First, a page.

Tea partiers are fed up with the status quo and demand change. So they elect people like Texas GOP Senate nominee Ted Cruz, who by emphasizing his own unwillingness to compromise ensures that nothing will change and that Congress will remain at least as paralyzed and powerless as it already is for the foreseeable future. Great move, Liptonites.
The come-from-behind victory by Cruz in a Republican runoff election Tuesday against Texas Lt. Gov. David Dewhurst is being widely hailed as another sign not only of the tea party's political might, but its disdain for establishment Republicans. Both are certainly true. But I suspect future political historians will look back at victories like Cruz's -- and those of other conservative pit bulls against purebred Republicans in such states as Delaware, Nevada, Utah and Florida -- as the early stages of the spread of a kind of political nihilism, a philosophy that bears the seeds of its own destruction.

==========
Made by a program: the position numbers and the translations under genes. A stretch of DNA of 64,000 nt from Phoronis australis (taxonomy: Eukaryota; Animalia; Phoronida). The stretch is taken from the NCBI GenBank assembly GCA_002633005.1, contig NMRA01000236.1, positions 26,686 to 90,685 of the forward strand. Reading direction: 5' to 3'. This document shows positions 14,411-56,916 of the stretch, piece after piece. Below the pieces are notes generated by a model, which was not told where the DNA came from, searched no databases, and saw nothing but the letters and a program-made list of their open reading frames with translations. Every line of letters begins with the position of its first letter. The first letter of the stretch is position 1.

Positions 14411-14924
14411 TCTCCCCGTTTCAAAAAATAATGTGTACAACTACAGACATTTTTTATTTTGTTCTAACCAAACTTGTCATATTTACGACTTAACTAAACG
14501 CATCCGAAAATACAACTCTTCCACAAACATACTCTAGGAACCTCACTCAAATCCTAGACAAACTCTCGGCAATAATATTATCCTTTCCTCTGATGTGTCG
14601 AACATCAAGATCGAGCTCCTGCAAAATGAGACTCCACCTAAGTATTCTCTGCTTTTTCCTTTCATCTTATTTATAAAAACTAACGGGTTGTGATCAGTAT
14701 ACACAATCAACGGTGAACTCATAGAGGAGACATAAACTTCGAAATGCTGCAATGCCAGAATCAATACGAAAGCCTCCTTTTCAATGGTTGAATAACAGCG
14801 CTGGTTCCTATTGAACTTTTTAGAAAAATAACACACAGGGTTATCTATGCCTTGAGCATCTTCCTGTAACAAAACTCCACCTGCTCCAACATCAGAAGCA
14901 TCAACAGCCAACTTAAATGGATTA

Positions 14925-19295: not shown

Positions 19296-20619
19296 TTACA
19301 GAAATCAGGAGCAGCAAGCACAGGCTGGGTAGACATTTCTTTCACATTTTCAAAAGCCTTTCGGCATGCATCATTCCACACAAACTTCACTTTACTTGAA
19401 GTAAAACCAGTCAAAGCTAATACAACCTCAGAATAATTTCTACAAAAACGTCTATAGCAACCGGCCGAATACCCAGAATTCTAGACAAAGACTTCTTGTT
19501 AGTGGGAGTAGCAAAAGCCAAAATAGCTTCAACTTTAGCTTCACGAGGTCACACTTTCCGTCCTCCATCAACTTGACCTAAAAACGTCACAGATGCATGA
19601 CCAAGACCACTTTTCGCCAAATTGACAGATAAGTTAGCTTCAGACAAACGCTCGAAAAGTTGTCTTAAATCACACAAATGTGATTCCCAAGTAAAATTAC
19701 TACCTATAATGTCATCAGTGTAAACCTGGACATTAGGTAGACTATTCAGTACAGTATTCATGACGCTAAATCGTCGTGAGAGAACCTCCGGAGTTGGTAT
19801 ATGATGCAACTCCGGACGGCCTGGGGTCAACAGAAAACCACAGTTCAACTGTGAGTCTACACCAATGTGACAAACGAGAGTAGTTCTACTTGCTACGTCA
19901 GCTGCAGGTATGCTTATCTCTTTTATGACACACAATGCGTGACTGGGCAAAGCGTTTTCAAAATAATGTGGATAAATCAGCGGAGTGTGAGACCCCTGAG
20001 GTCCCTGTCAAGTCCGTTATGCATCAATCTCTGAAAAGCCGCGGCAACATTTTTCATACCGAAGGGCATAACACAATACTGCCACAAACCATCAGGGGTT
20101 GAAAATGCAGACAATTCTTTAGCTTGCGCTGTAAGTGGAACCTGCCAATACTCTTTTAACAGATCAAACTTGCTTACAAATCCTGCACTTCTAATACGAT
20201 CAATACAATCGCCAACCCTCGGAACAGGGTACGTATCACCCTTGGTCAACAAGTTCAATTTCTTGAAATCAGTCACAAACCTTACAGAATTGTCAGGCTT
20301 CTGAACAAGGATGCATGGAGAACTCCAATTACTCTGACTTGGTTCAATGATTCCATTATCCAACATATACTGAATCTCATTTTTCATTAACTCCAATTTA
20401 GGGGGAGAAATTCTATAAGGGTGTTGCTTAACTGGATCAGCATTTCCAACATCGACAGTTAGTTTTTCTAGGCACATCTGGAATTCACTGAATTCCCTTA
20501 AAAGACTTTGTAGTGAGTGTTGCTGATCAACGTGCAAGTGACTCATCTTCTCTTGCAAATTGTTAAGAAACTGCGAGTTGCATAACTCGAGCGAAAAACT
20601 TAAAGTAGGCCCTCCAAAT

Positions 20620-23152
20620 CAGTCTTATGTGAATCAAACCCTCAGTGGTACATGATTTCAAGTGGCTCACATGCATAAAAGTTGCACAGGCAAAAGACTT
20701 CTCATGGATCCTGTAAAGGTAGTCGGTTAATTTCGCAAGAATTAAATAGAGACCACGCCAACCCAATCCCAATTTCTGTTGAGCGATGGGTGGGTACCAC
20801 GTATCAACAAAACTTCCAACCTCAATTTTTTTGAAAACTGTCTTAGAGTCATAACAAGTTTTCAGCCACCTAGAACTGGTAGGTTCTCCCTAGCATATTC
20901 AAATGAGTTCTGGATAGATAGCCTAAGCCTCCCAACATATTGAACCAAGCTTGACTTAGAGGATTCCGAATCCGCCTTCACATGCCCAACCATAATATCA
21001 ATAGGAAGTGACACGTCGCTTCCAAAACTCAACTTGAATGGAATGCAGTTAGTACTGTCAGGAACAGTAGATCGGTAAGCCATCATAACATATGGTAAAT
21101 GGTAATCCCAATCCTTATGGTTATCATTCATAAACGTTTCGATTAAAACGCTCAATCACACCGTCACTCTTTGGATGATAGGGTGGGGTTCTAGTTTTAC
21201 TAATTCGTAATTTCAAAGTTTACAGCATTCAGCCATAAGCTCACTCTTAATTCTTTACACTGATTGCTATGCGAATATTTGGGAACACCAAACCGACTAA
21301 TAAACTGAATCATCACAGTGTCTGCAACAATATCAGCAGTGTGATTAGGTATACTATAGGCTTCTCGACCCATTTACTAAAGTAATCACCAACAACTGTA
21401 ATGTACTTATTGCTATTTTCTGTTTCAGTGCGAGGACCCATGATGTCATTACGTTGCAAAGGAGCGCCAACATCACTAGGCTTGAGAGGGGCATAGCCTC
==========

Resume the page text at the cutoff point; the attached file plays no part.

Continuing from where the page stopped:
Which is to say, the thing that's new about the tea party isn't its fundamental opposition to taxes, which has been a GOP plank for decades, or its opposition to abortion or gay rights, or its support for the 2nd Amendment, or its distrust of big government. In the battle between Cruz and Dewhurst, it was often tough to distinguish the two men on such ideological terms, since their opinions were identical. The only notable things that set them apart were their backers -- with Cruz being the clear tea party favorite -- and their rhetoric about compromise, with Cruz being adamantly against it while Dewhurst, like all establishment politicians, had to run against a record of sometimes reaching across the aisle. And that really gets to the heart of what the tea party is about: sticking to an ideological opinion and never giving an inch.